Attorney William H. Troupe recently received a favorable decision from the DIA Reviewing Board in Boston. The case involved a registered nurse who injured her back while helping to transfer a patient. She began receiving workers’ compensation temporary total disability benefits for approximately five months, at which point the self-insurer reduced her payments to maximum partial disability. The employee, through her counsel, filed a claim at the Department of Industrial Accidents, to get her benefits increased back up to the total disability rate.
Pursuant to Section 11A of the Workers’ Compensation Act, the employee was examined by an impartial physician. After the hearing, the Judge ultimately adopted the opinion of the impartial physician, who found that the employee was restricted “to work which requires her to be able to change positions frequently and not require sitting of more than 30 minutes at a time, no lifting more than 10 pounds and no more than 4 hours a day.” The Judge was also “persuaded by the employee’s testimony” concerning her subjective complaints of pain. In her decision, the Administrative Judge ultimately awarded the Employee ongoing total disability benefits.
The Self-Insurer appealed the decision on 3 grounds: 1) that the expert medical evidence failed to support a causal relationship between the employee’s work injury and her disability, 2) the judge’s finding that the employee is totally disabled was not supported by the evidence and reasonable inferences therefrom, and 3) the judge failed to consider all of its evidence.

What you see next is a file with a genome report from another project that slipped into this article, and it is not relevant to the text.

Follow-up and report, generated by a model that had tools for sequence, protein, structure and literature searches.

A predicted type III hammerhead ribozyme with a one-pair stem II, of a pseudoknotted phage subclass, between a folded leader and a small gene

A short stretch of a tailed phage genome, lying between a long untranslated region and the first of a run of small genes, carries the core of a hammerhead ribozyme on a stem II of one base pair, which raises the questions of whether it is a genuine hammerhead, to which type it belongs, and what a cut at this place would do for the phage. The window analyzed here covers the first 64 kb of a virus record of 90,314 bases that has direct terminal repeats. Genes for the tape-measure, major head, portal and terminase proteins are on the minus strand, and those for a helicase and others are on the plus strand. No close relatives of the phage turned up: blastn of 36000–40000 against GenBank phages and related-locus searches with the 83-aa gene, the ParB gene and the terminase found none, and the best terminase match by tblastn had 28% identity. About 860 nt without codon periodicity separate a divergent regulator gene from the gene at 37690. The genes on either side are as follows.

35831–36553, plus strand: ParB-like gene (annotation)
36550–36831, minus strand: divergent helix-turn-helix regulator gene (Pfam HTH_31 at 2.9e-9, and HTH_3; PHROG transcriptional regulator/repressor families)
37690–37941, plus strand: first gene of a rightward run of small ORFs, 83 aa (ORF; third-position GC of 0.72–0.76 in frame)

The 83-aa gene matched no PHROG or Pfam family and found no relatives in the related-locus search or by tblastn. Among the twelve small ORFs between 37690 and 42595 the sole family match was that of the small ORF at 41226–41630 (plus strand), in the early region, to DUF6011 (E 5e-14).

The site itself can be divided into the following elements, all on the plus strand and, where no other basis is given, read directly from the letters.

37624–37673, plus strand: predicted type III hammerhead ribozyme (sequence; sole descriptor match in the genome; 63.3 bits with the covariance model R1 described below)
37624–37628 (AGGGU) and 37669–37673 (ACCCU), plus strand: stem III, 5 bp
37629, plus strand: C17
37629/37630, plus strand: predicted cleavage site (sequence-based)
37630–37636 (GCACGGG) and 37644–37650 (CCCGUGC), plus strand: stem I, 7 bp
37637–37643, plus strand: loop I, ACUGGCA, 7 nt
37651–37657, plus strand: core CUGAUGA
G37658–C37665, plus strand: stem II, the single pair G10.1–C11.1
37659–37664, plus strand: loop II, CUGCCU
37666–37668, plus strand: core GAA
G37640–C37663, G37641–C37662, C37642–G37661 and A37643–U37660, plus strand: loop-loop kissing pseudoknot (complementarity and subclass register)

The Reviewing Board rejected the Self-insurers’ arguments. They found that the Judge correctly adopted the opinion of the 11A Impartial Physician and that the Judge acted within her discretion in giving “decisive weight” to the Employee’s subjective complaints of pain. The Reviewing Board also found “harmless error” in the Judge’s failure to list or consider the medical evidence it submitted at conference, which was part of the record. Citing Driscoll v. Town of Framingham, (February 25, 2014)(citation omitted), “misinterpretation of medical opinion rendered harmless when viewed in context of other findings.” The evidence in question, actually supported the Employee’s claim, and therefore, the Reviewing Board found this to be a harmless error.
As such, the favorable decision of the Administrative Judge was affirmed.
Registered Nurses and other nursing staff are among the most common clients we encounter at the Troupe Law Office, as is the mechanism of injury that occurred in this case. Injuries of such can often be career ending, given the physical demands in the nursing profession.
If you have sustained an injury at work, of any kind, it is crucial that you speak with an experienced workers’ compensation attorney as soon as possible. Please visit our web site at https://www.troupelawoffice.com for more information. Or, call us at (978) 531-7401, or email at firstname.lastname@example.org. We offer free consultations for all cases. We look forward to working with you.